[MySub, Sub, MyBase, Base], just as I needed it. (thanks for the mro() tip
- didn't know about that one). Unless I've gone crosseyed (possible, it's
late), this is NOT depth-first, left-to-right. So is the tutorial out of
date?
Jul 18 '05 #3

P: n/a
In article <sNNJb.741891$Fm2.670283@attbi_s04>,
Dan Bullok <my*********@mylastname.com> wrote:
Mike C. Fletcher wrote:

You can find more information about these kinds of patterns by searching
for "Mix-In Class" and/or "Multiple Inheritance". Python 2.2 changed how
multiple inheritance graphs are constructed in Python, BTW. If you used
old-style classes the mro would have been [MySub, Sub, Base, MyBase, Base]
IIRC.


Well, I thought of doing this, but after looking up resolution order (sec
9.5.1 of the tutorial) I found that resolution is done "depth-first,
left-to-right", In my example, that would have given [MySub, Sub, Base,
MyBase, Base], but, I checked, using mro(), and found that it was indeed
[MySub, Sub, MyBase, Base], just as I needed it. (thanks for the mro() tip
- didn't know about that one). Unless I've gone crosseyed (possible, it's
late), this is NOT depth-first, left-to-right. So is the tutorial out of
date?


As Mike said, it's different for new-style classes. See
http://www.python.org/2.2.3/descrintro.html
--
Aahz (aa**@pythoncraft.com) <*> http://www.pythoncraft.com/

Weinberg's Second Law: If builders built buildings the way programmers wrote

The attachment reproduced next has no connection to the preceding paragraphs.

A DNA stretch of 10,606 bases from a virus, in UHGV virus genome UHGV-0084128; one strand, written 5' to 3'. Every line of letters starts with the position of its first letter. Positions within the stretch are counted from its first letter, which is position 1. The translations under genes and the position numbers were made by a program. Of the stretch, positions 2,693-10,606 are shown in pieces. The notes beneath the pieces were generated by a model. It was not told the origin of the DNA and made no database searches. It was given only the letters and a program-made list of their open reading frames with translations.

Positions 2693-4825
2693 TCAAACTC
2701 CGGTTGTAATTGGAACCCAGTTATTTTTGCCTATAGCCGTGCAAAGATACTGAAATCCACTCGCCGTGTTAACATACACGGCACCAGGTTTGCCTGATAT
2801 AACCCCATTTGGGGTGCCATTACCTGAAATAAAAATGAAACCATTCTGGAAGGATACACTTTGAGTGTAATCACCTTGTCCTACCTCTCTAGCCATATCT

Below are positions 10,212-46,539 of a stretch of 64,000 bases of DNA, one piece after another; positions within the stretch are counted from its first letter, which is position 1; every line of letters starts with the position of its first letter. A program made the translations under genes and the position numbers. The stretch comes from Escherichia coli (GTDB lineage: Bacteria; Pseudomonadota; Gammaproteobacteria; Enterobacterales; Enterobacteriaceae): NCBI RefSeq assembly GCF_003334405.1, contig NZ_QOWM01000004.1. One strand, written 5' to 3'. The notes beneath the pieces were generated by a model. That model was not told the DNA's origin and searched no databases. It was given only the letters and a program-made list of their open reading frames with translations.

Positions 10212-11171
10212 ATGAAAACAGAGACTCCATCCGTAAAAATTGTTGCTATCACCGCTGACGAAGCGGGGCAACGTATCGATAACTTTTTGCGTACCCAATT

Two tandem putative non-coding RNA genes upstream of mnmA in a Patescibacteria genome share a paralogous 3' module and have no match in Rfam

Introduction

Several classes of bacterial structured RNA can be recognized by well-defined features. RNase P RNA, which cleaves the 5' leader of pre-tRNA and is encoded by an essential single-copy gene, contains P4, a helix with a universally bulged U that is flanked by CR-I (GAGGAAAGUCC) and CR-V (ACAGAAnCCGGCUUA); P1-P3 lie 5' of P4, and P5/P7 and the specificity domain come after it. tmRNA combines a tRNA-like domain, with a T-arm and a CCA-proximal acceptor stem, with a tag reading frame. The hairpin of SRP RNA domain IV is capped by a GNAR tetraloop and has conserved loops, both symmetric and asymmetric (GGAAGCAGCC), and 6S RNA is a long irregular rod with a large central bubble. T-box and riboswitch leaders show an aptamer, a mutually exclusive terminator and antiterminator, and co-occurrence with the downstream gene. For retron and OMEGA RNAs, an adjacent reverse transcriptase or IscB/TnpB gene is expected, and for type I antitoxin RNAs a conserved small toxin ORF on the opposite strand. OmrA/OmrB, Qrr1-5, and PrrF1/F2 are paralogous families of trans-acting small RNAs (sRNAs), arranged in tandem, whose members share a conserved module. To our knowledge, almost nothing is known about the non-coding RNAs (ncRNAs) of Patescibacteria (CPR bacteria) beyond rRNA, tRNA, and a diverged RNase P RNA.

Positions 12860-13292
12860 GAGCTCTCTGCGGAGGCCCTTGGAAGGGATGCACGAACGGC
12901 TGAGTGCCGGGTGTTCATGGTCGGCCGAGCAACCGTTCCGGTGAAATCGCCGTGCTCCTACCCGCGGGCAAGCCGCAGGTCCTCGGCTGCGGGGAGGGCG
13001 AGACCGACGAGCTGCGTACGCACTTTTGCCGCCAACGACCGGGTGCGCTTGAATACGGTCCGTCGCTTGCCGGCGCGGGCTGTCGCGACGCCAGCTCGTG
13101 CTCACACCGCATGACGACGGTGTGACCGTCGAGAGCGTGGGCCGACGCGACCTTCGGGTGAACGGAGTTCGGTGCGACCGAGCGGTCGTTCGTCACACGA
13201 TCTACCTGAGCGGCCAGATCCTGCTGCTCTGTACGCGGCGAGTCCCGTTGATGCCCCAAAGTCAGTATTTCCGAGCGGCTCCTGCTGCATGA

programs, then the first woodpecker that came along would destroy civilization.
Jul 18 '05 #4

P: n/a
#quote#
Dan Bullok wrote in message ...
Mike C. Fletcher wrote:
You can find more information about these kinds of patterns by searching
for "Mix-In Class" and/or "Multiple Inheritance". Python 2.2 changed how
multiple inheritance graphs are constructed in Python, BTW. If you used
old-style classes the mro would have been [MySub, Sub, Base, MyBase, Base]
IIRC.


Well, I thought of doing this, but after looking up resolution order (sec
9.5.1 of the tutorial) I found that resolution is done "depth-first,
left-to-right", In my example, that would have given [MySub, Sub, Base,
MyBase, Base], but, I checked, using mro(), and found that it was indeed
[MySub, Sub, MyBase, Base], just as I needed it. (thanks for the mro() tip
- didn't know about that one). Unless I've gone crosseyed (possible, it's
late), this is NOT depth-first, left-to-right. So is the tutorial out of
date?
#endquote#

I just looked and, yes indeed, it is out of date (file a bug report).
Python 2.2 used this mro, which was changed in 2.3. 2.3 uses a so-called
'C3' mro, which is a bit more complex. See
http://www.python.org/2.3/mro.html.

The best documentation on Python classes WRT the new-style changes is an
essay by Guido at http://www.python.org/2.2.2/descrintro.html. It says 2.2,
but it mentions 2.3 changes as inline addendums.

Odd thing is, filename is "descriptor intro" yet it doesn't mention
descriptors. There's a good reference on the madness that is descriptors at
http://users.rcn.com/python/download/Descriptor.htm.
--
Francis Avila

Jul 18 '05 #5